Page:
Rand correlates science with concepts of method, but are the other two parts of knowledge application, namely the arts and humanities, concepts of method?
asked Sep 22 '12 at 18:37
A very illuminating introduction to the topic of concepts of method can be found in The Ayn Rand Lexicon under the topic of "Method, Concepts of." The relation between science and concepts of method is stated as follows:
All the applied sciences (i.e., technology) are sciences devoted to the discovery of methods.
By "methods" Ayn Rand simply means "systematic courses of action devised by men for the purpose of achieving certain goals." This can include a wide range of possibilities, such as a method of using one's consciousness or a method of drilling for oil. "Logic" is a concept of method:
... the fundamental concept of method, the one on which all the others [i.e., all other methods] depend, is logic.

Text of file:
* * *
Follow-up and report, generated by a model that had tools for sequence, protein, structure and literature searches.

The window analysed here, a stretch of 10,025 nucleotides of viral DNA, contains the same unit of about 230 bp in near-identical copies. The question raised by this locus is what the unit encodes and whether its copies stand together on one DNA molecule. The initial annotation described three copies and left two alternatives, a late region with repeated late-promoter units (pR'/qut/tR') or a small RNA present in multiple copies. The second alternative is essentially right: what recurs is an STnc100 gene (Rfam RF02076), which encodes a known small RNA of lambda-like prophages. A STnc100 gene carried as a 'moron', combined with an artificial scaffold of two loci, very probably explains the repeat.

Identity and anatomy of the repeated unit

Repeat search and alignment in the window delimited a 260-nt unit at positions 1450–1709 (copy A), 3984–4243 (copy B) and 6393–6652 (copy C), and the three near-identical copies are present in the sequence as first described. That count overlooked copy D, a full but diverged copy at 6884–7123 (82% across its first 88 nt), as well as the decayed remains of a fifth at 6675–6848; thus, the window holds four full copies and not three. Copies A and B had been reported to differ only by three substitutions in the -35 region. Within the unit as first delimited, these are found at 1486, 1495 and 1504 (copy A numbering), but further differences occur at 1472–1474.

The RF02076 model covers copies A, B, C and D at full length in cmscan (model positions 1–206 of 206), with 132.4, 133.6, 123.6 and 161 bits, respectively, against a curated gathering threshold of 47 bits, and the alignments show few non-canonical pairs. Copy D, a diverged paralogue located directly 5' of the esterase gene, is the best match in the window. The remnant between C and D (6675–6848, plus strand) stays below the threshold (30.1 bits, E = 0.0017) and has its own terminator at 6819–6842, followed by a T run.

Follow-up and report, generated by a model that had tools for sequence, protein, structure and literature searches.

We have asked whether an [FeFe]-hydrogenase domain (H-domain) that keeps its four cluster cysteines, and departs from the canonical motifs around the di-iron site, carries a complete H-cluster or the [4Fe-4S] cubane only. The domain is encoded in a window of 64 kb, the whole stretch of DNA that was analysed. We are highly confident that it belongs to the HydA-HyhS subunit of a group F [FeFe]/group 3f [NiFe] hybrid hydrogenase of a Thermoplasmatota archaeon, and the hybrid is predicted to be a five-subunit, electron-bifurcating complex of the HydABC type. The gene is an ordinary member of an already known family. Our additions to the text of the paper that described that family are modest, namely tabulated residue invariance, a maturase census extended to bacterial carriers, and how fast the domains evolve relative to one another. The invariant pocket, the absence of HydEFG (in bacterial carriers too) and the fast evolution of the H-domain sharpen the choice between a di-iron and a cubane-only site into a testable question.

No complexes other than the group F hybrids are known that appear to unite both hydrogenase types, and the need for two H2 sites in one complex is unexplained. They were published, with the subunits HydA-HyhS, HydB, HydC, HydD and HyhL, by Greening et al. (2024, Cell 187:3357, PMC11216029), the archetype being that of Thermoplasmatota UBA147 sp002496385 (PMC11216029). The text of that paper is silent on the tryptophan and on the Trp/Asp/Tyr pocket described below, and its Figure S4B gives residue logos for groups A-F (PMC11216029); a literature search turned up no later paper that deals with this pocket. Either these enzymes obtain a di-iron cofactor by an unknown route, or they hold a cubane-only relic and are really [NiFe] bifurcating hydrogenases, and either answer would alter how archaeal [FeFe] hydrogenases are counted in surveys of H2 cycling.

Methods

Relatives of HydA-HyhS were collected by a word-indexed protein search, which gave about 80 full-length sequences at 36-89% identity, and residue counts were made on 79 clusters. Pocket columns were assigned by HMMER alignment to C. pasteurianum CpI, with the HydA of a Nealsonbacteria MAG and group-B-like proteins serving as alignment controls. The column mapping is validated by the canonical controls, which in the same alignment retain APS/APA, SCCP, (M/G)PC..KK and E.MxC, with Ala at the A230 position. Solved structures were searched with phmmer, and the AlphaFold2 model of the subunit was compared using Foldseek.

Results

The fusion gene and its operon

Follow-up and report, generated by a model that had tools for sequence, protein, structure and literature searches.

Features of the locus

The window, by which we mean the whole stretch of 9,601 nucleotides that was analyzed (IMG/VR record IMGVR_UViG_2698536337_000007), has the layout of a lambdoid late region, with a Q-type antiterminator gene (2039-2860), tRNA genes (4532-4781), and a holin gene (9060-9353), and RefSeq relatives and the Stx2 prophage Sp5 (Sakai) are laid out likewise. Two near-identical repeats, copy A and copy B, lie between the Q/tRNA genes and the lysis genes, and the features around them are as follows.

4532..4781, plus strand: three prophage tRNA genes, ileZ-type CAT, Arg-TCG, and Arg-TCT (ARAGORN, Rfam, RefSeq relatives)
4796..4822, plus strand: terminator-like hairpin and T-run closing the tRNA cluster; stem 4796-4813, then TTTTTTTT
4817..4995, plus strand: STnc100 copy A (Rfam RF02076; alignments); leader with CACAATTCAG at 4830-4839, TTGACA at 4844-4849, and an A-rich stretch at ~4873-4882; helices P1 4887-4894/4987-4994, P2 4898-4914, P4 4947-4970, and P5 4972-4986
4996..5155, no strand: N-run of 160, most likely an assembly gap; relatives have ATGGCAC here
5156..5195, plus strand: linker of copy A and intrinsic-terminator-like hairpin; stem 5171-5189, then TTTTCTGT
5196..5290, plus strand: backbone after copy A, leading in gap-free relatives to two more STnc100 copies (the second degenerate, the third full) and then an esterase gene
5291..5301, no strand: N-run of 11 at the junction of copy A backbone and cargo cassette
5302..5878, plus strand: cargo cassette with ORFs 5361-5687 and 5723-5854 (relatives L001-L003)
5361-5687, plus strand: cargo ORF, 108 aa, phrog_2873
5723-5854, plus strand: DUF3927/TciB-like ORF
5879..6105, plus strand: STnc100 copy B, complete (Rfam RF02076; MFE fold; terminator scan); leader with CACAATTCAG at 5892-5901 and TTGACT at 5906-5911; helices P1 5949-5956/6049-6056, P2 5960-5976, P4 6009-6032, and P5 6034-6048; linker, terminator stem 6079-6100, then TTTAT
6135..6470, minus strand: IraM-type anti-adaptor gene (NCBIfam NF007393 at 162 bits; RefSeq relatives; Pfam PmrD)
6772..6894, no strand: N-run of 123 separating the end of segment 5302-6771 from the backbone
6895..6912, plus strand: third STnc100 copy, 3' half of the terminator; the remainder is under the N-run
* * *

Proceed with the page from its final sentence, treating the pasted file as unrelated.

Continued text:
(Quoted from the above-noted Lexicon topic.) Ayn Rand also includes epistemology, ethics, and medicine as sciences devoted largely to discovering methods of specific kinds.
A conventional division of "knowledge application" into science, arts, and humanities isn't necessarily recognized and endorsed in Objectivist terminology without careful qualification and delineation, and I would say that all three of these categories include concepts of method, i.e., all three depend on and utilize methods of various kinds.
answered Sep 23 '12 at 03:32
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